The problem with the system is that they didn’t quite get the balance right. Equipping armor lowers your WT. Everyone can equip any armor, but certain classes benefit more from it because the defense increase is related to a P. RES stat that is based on your class. The problem is that the way they implemented the system means that armor is rarely a good choice for anyone, because the speed, hit, and dodge penalties you get are not worth the defense increase from the armor.
The game also has height and facing — Front Mission had height and I think maybe Lady Phantom had facing, but neither system was common at the time this game came out. The other unusual system is that everyone starts a battle with 0 MP and the magic points recover as the time passes. This means that you cannot run healers out of MP or anything like that. Magics are equipped, and the AoE of the magic increases based on your caster’s MEN stat.
Each character also has an element, which affects their stats based on the type of ground they stand on, and also their compatibility with enemies.
Denim can recruit enemies by Persuading them; this is more useful for getting their equipment than actually recruiting them for your team, although it’s the best way to get monsters on your team. The problem is that characters have a Loyalty stat that’s pretty low for enemy persuades, and they might leave your team if things get too bad.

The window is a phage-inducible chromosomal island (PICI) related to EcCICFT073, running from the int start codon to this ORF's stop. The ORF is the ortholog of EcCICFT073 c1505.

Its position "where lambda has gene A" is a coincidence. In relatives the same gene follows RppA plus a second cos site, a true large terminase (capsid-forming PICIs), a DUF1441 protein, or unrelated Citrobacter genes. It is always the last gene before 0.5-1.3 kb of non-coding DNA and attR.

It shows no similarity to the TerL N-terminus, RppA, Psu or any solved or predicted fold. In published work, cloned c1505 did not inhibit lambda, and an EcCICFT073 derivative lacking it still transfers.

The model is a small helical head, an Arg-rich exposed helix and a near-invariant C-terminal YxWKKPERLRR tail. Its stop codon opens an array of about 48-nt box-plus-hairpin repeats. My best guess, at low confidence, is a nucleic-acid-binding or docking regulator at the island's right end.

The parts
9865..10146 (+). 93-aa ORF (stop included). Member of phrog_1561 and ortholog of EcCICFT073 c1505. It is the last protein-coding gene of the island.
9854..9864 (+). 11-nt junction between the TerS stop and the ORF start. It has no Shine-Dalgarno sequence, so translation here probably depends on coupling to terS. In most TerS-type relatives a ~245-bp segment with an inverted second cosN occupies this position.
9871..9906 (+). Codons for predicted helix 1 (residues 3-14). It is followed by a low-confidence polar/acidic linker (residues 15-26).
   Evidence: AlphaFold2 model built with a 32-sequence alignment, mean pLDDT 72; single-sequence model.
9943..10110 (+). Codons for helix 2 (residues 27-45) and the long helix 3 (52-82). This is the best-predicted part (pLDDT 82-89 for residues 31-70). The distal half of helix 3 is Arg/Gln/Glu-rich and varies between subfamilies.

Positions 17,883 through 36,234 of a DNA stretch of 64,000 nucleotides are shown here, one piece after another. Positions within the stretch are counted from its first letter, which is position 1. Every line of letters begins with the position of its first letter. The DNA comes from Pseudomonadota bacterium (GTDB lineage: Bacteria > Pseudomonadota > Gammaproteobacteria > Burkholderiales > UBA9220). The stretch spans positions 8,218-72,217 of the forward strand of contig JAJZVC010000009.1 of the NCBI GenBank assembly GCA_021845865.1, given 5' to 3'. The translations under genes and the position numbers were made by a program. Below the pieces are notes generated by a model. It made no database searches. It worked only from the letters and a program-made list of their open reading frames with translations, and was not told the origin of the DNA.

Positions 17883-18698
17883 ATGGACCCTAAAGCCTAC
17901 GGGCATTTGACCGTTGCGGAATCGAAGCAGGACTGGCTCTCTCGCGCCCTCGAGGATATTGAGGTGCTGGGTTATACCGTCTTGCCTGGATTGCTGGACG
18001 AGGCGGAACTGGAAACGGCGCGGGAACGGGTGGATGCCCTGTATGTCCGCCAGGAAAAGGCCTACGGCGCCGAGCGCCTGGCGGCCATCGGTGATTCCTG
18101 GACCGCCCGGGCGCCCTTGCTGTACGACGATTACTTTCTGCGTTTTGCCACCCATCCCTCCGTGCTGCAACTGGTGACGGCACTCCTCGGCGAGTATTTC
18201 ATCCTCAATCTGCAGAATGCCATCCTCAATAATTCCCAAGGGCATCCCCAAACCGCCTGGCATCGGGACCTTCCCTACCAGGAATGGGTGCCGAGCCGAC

The game has permanent death of units. I have said in my Fire Emblem reviews that I do not like this system. Especially in this game where differences in levels make such a huge difference, it often becomes necessary to train between battles just to keep your levels equal, and sometimes you even have to level up more. The grunts in a mission are all set at the highest level guy you have, but the leaders have fixed levels. There are several battles that pit you against archers that can do enormous damage with 100% chance to hit even from the front, making it hard to survive the battle without doing some outside levelling.
The PSX version allowed in battle saves so I have been using some save states, but even so you can’t just keep reloading until they miss (that would be tedious anyway).
This is my party near the end of chapter 1. The Chapter 1 ending has a big choice — Duke Rowen’s plan is to massacre a town of Walstan to try to raise support for fighting against enemies. Denim gets to choose whether to participate in the massacre or go against Rowen. Regardless of which you pick, Denim does not actually do the massacre himself, Vice becomes your enemy, and Denim gets a bad reputation. I went for the massacre route because the “don’t do it” seems like the obvious choice that a lot of people will take. This puts me on the Law route.
Those are some pretty intense scenes for something that your main character approves of!
I’m currently near the end of chapter 2. My party is basically the same as above. Kurisu is a barbarian, but bows are still much better than anything else. The Archers are the overpowered class of this game (I’m using two). I just lost a fight and will need to equalize everyone’s levels and try again. But I don’t want to get in a cycle of “rush the leader and win the battle, train to equalize levels, repeat” because that’s just not a satisfying way to play a SRPG. But leaving the leaders alive often mean opening yourself up to a unit dying with little notice.